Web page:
Spent nuclear fuel pool

Uranium: What It Is, Types, Isotopes, and Examples of Uses

Uranium: what it is, types, isotopes, and examples of uses

Uranium ore is a chemical element that is used mainly as fuel for nuclear reactors to generate electricity in nuclear power plants. It is a naturally occurring element that can be found in the earth's crust where the average uranium concentration is 4 parts per million.

In any case, in order to use it in a nuclear reactor and generate a nuclear chain reaction, it must undergo special treatment.

What Is Uranium Used For?

Its main applications are related to nuclear energy. However, its great hardness and high density make it an ideal material for other applications.

Below we list the main uses of uranium:

  • As nuclear fuel in nuclear power plants, even in breeder reactors: in this case, the ore must first undergo an enrichment process. Uranium oxide is the major component of fuel rods in nuclear reactors.

  • For the manufacture of nuclear weapons such as the atomic bomb.

  • Counterweight in helicopter rotors and aircraft parts.

  • Protective shield against ionizing radiation.

  • Component used in the production of armor-piercing ammunition and high resistance armor

  • Armor in military vehicles.

  • Estimate the Earth's age from its half-life of several hundred million years.

What Is a Uranium Atom Like?

An atom consists of a nucleus and electrons surrounding this nucleus. In turn, a nucleus consists of protons and neutrons. A proton has a positive charge. A neutron has no electrical charge and is neutral.

The positive charges on the protons try to force themselves outward. What prevents them from being separated is a new kind of force: an immensely powerful short-range attractive force acting interchangeably between protons and neutrons (which are all nucleons from this point of view).

The short-range nuclear force holds them together, opposing the repulsive effect of the positive charges on the protons. In this way, neutrons act as “nuclear cement”.

Uranium on the Periodic Table

We can find uranium in the periodic table with the atomic number 92 with the symbol "U". It is in the actinide group.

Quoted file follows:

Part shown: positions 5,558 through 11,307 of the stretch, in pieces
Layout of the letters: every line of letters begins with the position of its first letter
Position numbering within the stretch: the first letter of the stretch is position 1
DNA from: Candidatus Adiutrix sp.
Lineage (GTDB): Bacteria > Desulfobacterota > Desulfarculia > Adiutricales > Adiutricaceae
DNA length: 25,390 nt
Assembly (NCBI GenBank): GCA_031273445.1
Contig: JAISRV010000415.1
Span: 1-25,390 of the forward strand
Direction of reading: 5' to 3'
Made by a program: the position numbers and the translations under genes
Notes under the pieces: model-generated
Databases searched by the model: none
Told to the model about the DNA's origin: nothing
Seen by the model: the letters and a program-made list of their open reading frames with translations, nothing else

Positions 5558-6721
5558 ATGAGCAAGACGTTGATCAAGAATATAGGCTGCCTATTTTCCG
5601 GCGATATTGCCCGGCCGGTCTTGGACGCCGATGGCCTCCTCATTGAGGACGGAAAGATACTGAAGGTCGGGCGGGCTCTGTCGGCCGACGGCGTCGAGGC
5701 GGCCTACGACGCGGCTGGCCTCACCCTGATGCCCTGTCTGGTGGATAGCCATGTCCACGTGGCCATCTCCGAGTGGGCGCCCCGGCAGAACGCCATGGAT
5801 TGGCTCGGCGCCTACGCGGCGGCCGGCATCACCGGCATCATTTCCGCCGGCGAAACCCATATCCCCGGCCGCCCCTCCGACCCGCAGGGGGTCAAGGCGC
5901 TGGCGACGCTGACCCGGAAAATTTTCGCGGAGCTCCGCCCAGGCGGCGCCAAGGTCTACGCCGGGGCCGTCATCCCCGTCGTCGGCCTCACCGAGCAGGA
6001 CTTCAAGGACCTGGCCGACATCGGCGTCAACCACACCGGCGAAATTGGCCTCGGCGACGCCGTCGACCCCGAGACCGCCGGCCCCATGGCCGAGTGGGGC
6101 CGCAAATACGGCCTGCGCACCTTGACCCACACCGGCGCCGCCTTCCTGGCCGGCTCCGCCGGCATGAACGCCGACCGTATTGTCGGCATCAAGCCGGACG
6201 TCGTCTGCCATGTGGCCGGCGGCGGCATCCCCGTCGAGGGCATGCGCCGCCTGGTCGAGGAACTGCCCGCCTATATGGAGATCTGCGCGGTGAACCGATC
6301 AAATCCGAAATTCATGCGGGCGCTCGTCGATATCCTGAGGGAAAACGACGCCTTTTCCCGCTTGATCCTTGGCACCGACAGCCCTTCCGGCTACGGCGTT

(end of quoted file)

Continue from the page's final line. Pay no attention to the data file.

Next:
The nucleus contains 92 protons. Under these conditions the repulsive force between the protons is about to overcome the nuclear force.

Atoms of the same element can belong to different isotopes depending on the number of neutrons it contains.

If there are 146 neutrons present in the nucleus of the uranium atom, it is in an unstable situation. This form, which contains a total of 238 nucleons (92 protons and 146 neutrons), is called uranium-238 (U-238).

The next most likely arrangement is a uranium nucleus containing three fewer neutrons: U-235. Atoms with these lighter nuclei make up about 0.7% of the naturally occurring uranium.

Both cases are about the same element since it has 92 protons. However, they belong to different isotopes because one has 238 neutrons and the other 235.

The uranium-235 nucleus is already under stress close to internal rupture; a stray neutron coming close to it can break it completely.

For nuclear fission reactions we are interested in this combination between protons and neutrons that is so close to defeating the nuclear force. In this way, just by adding a neutron to the atom, it explodes and divides, generating other neutrons that can collide with other uranium atoms that are also at the limit.

Isotopes of Uranium

Uranium can occur in different compositions in its nucleus, that is, in different isotopes. Although uranium occurs naturally, most of it is found in a configuration that is not ideal for generating nuclear reactions.

Naturally occurring uranium consists of three isotopes: uranium-234, uranium-235 and uranium-238. Although all three isotopes are radioactive, only uranium-235 is a fissionable material that can be used for nuclear power.

Although all these isotopes are radioactive elements, only uranium-235 (U-235) is a fissionable material that can be used for nuclear power.

For this reason, the atoms of this element are artificially altered to convert them into other, more unstable isotopes. These new isotopes will favor the generation of chain nuclear fission reactions.

Other isotopes are as follows

  • U-232 of synthetic origin.

  • U-233 of synthetic origin.

  • U-234 is present in 0.0054% in nature.

  • U-235 is present in 0.7204% in nature.

  • U-236 of synthetic origin.

  • U-238 is a radioactive isotope present in 99.2742% in nature.

In nuclear physics , a decay product is the nuclide remaining from a radioactive decay. Often this decay comes from a sequence of steps called a decay chain. For example, uranium 238 ( 238 U) decays to thorium 234 ( 234 Th), which in turn decays to protactinium 234m ( 234m Pa), which also decays, and so on, up to lead 206 ( 206 Pb, which is stable).
During the decay, these particles also emit ionizing radiation, including alpha particles, beta particles, and gamma rays.

What Are the Types of Uranium?

Uranium can be natural, enriched, or depleted.


Depleted uranium is a mixture of the same three uranium isotopes except it has very little 234U and 235U. It is less radioactive than natural uranium.


Enriched uranium is another mix of isotopes that has more 234U and 235U than natural uranium. The enriched one is more radioactive than the natural one and more unstable, which makes it ideal for generating nuclear chain reactions.


Natural uranium is used to make enriched uranium ; the surplus product is depleted.


    Published: April 8, 2014
    Last review: December 2, 2022